Inside USD

EPIC Runs on Anders’ Passion for Energy

Tuesday, March 5, 2013

Scott Anders drives a fuel-efficient car, consciously lives in an energy-friendly home equipped with solar panels and, since October 2005, has been at the helm of important academic and research work done by the nonprofit Energy Policy Initiatives Center (EPIC) in the University of San Diego’s School of Law.

“I’m an energy geek, admittedly,” he stated. “When I see stuff, I see energy and I see carbon. Everything we have and do basically has embedded energy in it.”

So it’s no surprise that Anders can weigh in on the inaugural USD One Challenge, a campus-wide awareness and solution-oriented community project focused this spring on issues concerning the environment, specifically wasteful production and consumption.

“I think it’s a really good topic, because I think consumption is an area that’s often overlooked,” Anders said. “For example, if you have a piece of trash, say an old toaster, it has a lot of metal and plastic, but it also took energy to make it. It took energy to manufacture it and petroleum, plastic, metal, everything. We’re a consumptive society. We rely on and require stuff and the service of stuff, but for me, recycling and reuse is an energy issue as well as it is a material issue.”

Anders’ passion for all things energy, he said, began with a middle school science fair project involving a solar water heater, a long-standing interest in bird-watching and his college education, which includes a master’s degree in public policy with an environmental policy concentration at the University of Maryland.

He spent some time as a policy researcher for a Washington, D.C. think tank, the Center for a Sustainable Economy, before coming to the West Coast as director for policy and planning at the California Center for Sustainable Energy where his many duties ultimately prepared him to found EPIC and shape its focus.

The 43-year-old’s passion has been shown in his work at EPIC on regulatory and policy issues that develop efficient and low-carbon energy sources. Among EPIC’s successes are conducting the first-ever greenhouse gas inventory for San Diego County; policy research comparing the San Diego region and others with emerging clean technology clusters; and a feasibility study of implementing smart grid strategies and technologies in local regions.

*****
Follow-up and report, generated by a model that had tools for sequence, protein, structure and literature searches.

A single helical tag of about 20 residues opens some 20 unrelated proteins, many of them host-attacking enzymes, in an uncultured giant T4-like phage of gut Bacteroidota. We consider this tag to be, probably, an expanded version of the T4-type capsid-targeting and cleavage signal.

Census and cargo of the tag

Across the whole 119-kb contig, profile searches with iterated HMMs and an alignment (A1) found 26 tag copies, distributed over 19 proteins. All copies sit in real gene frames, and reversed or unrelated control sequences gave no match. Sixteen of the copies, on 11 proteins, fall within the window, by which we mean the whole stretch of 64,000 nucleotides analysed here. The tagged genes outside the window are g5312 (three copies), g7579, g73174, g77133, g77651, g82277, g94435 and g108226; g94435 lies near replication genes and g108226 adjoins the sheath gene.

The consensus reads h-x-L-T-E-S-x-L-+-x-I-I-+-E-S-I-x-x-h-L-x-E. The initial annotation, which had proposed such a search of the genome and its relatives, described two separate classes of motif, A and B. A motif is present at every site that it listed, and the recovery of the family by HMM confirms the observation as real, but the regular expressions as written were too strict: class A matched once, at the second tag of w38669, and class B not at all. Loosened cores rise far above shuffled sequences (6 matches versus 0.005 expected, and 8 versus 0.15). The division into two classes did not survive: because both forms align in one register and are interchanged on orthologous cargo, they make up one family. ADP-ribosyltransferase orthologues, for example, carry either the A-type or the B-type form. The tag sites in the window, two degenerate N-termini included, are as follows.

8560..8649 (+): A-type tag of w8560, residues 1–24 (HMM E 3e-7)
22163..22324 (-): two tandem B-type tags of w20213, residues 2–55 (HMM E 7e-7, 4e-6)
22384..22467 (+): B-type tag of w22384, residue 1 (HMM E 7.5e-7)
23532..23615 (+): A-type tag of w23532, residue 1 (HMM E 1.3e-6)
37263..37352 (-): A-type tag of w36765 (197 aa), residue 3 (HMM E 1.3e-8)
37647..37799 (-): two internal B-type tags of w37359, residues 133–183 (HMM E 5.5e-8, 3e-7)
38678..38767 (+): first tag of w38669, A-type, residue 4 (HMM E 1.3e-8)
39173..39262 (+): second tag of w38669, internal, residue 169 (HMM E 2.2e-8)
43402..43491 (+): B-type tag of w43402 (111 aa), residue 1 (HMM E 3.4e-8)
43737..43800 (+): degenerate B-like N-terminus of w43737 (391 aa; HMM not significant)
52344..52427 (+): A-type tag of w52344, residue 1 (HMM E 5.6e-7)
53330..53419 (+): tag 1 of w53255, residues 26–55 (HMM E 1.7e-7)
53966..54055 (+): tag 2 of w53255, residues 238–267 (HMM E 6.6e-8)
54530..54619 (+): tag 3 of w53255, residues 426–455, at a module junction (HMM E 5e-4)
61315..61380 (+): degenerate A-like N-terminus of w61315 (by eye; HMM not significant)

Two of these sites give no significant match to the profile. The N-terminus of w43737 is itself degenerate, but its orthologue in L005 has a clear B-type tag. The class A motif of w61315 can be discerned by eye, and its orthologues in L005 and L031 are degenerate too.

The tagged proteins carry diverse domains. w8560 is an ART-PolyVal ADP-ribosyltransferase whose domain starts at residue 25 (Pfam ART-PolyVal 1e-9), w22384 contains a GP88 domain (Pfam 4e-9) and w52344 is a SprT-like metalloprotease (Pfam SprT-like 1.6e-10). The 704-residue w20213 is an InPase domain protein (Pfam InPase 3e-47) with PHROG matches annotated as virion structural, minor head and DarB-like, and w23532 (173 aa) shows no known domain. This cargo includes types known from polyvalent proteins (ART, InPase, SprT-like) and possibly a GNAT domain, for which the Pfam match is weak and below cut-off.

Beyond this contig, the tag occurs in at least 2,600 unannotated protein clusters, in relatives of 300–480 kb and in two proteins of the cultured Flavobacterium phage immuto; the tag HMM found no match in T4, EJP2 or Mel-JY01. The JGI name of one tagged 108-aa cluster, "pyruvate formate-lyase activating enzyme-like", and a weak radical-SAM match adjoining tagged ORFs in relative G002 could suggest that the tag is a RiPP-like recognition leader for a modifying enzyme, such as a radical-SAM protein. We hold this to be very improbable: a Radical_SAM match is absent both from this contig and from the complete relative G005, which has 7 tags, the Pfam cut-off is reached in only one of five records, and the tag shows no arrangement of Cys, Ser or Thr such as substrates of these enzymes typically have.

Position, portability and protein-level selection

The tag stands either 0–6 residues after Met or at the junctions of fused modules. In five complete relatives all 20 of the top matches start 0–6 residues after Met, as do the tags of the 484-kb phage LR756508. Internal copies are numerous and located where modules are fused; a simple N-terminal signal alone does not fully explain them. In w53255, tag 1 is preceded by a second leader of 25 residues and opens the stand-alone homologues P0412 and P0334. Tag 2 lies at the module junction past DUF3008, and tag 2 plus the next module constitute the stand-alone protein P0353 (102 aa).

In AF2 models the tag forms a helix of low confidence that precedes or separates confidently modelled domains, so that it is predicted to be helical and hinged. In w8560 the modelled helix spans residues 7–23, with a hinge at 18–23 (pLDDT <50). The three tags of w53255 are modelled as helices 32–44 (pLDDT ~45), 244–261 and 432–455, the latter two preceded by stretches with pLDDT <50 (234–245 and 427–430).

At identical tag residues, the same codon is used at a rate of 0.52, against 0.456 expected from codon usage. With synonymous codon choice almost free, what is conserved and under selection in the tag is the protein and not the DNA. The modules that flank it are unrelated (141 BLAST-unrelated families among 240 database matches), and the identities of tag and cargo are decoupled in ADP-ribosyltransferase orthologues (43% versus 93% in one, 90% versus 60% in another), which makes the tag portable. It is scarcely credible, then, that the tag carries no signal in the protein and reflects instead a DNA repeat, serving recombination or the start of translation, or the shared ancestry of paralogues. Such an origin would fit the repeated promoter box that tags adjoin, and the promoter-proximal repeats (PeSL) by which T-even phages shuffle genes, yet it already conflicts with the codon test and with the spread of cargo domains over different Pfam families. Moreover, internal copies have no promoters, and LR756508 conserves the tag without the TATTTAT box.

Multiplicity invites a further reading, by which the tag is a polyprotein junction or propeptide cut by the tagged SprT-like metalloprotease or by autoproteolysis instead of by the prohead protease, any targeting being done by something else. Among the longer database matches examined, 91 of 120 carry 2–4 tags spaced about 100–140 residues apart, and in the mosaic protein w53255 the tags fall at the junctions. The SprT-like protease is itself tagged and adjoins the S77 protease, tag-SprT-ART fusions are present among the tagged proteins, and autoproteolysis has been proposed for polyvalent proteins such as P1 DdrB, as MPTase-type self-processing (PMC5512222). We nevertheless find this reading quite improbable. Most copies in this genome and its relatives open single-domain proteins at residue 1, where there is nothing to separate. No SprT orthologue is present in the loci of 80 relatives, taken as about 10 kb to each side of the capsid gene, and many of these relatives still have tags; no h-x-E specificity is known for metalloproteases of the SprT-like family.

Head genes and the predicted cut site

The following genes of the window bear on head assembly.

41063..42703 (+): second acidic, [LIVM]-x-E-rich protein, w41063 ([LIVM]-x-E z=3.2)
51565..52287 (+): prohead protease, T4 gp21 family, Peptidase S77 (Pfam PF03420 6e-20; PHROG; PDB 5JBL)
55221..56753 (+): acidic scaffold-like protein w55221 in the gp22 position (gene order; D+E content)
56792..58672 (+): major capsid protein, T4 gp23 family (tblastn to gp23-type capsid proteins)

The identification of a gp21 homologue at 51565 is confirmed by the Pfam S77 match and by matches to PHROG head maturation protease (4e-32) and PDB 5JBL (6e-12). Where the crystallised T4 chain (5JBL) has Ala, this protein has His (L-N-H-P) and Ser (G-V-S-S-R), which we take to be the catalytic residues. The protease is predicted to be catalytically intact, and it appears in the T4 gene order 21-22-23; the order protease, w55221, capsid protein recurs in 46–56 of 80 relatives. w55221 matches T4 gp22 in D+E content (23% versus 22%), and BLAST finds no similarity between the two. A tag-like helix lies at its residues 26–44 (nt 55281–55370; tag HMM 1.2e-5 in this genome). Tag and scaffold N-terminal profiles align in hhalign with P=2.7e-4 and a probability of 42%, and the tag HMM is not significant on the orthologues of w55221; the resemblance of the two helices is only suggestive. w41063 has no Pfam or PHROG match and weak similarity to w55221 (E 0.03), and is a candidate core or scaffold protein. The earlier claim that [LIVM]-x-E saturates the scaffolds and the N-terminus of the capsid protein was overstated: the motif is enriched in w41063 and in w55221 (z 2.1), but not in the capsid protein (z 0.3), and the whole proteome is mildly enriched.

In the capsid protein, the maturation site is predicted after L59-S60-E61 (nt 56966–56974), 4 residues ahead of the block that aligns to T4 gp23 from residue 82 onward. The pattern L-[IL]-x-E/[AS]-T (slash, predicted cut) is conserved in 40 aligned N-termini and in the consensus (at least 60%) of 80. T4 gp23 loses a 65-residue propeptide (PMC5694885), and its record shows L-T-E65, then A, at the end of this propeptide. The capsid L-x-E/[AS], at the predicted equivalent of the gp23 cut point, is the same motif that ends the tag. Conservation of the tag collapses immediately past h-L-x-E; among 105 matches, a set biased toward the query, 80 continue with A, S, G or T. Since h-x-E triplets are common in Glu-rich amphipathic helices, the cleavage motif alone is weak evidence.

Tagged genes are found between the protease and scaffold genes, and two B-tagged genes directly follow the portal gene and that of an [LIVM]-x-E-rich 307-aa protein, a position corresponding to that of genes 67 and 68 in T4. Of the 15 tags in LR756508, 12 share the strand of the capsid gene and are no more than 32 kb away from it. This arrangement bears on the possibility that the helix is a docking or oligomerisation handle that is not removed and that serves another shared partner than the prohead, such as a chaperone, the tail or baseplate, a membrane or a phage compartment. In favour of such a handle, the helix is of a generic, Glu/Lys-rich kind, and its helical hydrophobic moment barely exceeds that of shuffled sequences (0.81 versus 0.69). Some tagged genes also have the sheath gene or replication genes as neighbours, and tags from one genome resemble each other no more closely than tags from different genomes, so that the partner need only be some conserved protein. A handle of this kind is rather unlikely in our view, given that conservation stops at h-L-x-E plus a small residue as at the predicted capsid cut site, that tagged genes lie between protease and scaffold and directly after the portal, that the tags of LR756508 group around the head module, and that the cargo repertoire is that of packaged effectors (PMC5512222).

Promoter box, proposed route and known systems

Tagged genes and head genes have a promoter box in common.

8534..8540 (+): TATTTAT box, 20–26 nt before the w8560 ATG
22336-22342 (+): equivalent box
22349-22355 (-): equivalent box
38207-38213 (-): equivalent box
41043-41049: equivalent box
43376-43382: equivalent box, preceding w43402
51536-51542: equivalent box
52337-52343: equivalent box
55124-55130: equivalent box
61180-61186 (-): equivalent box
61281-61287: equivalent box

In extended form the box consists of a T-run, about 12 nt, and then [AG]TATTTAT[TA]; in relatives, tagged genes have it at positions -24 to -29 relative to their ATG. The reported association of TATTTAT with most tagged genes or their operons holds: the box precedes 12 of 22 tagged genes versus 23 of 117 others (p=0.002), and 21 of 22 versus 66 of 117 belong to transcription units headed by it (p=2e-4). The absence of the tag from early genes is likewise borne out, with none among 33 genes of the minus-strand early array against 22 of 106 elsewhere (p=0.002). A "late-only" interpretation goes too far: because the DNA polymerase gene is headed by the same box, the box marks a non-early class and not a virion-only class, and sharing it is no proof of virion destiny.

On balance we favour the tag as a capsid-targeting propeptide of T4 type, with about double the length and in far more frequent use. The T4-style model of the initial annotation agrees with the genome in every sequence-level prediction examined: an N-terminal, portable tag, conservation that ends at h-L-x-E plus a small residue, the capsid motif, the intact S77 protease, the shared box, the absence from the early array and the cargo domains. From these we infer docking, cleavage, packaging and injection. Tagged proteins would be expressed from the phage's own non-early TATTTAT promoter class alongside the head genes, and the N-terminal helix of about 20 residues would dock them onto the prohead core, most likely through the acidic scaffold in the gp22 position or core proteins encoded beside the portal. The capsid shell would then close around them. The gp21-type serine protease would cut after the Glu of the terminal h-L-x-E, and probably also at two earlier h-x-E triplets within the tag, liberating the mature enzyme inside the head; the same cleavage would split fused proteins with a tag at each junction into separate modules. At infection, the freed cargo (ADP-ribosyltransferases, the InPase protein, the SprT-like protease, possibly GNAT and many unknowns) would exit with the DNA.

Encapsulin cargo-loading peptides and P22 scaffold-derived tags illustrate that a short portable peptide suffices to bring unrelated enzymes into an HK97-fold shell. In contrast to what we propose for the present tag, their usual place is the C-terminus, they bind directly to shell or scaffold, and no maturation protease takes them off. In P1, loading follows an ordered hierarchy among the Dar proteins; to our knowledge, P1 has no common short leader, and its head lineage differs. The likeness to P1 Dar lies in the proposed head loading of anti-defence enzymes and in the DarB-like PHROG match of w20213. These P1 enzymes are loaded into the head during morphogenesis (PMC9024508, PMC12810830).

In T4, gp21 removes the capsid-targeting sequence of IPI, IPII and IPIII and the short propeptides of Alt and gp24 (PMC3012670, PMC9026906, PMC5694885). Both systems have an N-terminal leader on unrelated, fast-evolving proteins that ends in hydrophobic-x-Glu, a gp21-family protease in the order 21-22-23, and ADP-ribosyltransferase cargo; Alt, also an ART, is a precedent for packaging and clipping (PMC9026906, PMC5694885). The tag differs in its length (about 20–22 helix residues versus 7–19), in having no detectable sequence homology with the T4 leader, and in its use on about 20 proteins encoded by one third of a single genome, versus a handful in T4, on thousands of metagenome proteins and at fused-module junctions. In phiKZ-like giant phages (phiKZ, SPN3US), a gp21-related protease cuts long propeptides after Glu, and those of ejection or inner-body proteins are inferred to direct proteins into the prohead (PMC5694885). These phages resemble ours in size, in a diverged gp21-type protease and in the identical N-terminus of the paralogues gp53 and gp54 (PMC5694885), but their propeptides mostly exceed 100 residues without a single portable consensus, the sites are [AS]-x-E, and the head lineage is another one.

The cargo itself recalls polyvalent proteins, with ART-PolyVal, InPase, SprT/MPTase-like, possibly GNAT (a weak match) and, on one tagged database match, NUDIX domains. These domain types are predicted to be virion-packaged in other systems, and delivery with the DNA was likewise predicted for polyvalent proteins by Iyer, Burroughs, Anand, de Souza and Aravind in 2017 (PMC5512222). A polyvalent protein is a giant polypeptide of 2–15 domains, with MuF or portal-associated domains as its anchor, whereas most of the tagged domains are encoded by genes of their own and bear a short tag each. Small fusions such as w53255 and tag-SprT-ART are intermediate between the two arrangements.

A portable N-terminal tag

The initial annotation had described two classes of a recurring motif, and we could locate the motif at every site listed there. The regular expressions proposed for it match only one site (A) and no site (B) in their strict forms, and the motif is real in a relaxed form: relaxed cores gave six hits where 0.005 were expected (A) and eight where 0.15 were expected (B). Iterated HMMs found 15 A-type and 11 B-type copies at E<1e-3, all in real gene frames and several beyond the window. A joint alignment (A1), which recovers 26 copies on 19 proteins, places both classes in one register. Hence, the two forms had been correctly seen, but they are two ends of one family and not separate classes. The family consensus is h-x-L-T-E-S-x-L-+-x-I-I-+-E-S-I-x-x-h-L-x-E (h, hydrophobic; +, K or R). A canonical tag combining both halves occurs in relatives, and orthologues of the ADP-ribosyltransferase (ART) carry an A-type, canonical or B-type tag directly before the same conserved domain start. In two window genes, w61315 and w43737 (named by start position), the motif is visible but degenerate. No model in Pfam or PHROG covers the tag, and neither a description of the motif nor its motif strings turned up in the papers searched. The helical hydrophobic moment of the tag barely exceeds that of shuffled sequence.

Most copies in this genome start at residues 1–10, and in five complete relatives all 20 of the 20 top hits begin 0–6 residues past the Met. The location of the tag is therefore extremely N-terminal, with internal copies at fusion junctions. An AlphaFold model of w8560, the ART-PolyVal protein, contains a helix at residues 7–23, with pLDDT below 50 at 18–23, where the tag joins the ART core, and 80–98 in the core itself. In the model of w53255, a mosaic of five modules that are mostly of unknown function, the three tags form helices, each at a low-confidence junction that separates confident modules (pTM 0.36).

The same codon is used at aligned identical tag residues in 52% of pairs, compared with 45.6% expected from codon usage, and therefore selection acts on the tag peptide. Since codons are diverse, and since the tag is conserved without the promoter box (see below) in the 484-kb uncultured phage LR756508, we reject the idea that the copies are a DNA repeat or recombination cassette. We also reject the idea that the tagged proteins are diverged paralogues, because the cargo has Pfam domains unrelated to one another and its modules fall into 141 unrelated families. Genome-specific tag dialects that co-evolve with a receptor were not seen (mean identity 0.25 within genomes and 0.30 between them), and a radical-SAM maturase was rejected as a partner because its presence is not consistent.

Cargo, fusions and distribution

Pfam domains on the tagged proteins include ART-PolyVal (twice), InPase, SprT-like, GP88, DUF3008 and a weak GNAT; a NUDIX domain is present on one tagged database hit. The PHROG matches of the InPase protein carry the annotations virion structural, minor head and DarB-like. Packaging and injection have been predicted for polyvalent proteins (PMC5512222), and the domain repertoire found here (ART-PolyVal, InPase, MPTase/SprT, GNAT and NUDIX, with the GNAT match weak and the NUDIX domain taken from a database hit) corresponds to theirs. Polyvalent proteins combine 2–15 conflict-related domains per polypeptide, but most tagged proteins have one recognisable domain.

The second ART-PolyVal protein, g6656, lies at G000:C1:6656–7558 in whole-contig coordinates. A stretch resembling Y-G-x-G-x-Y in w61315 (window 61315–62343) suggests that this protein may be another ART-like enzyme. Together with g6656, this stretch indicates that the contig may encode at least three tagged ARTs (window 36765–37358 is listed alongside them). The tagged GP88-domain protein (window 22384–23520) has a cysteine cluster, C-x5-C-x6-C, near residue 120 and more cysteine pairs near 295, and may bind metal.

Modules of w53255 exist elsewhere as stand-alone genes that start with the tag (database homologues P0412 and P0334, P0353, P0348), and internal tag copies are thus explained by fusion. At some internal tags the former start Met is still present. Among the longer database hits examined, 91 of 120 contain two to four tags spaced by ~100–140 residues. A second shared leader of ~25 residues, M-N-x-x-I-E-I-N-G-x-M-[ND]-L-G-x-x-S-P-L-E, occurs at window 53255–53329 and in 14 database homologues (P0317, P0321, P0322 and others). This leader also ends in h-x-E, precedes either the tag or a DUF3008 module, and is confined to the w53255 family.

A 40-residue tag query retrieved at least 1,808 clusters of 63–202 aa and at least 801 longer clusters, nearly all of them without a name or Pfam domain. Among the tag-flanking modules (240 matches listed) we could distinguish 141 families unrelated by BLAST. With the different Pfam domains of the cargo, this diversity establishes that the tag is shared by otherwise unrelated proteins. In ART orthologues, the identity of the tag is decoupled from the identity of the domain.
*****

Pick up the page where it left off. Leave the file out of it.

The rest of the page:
“We do research and analysis that informs policy makers,” said Anders, who has authored or co-authored numerous papers and reports on energy policy. “We try to be objective, be a neutral party and present information that’s useful. We’re not lobbyists, but we’ve found there’s a need for what EPIC does.”

The center, created initially through monies USD received from a power plant lawsuit settlement, has a staff that consists of Anders; Nilmini Silva-Send (pictured, top right, with Anders), a senior policy analyst, adjunct professor and C. Hugh Friedman Fellow in Energy Law and Policy; and Clark Gordon, a first-year USD law student who is a paid energy policy analyst. EPIC provides current USD law students with hands-on policy research and writing experience through the center’s academic courses and clinic. EPIC has an advisory board and an interdisciplinary list of USD faculty members who bring their expertise to specific projects. All told, EPIC has earned its reputation as a reliable resource for energy issues and other sustainability projects.

“EPIC’s work on and for energy policy in the region is unique, innovative and cutting edge,” Silva-Send said. “We’ve maintained a neutral stance in the work we’ve done and, as a result, we have a respected position amongst stakeholders, and can be a powerful voice in the community. Whether through our projects on rate making, or climate change planning or teaching, we constantly strive to meet our mission to educate the public and public officials on energy issues.”

This fiscal year, for instance, EPIC has accumulated $900,000 in grants from The San Diego Foundation, San Diego Gas & Electric, California Center for Sustainable Energy, and the cities of San Diego and Chula Vista. Part of that amount comes from a multi-million dollar Climate Education Partners project that received its second round of funding late last year through the National Science Foundation (NSF). Anders and Silva-Send are co-principal investigators on the project that’s led by Michel Boudrias, an associated professor for USD’s Marine Science and Environmental Studies.

“EPIC brings a policy voice to the table, which is something you don’t often have,” Anders said of the NSF project that has an interdisciplinary leadership approach.

At USD, EPIC hosts an annual Climate and Energy Law Symposium, which brings leading national legal and policy experts to campus to discuss new developments in energy solutions. Anders has been a trusted voice for USD’s sustainability committee, bringing his perspective to campus projects such as the Student Life Pavilion building, solar energy and more.

“Scott is well respected by everyone in the sustainability community,” said Michael Catanzaro, USD’s director of sustainability. “He really knows his stuff. If I have a question about something or I just want an opinion, Scott’s the first person I’d ask.”

— Ryan T. Blystone

Photo of Scott Anders (homepage) courtesy of Alan Decker.

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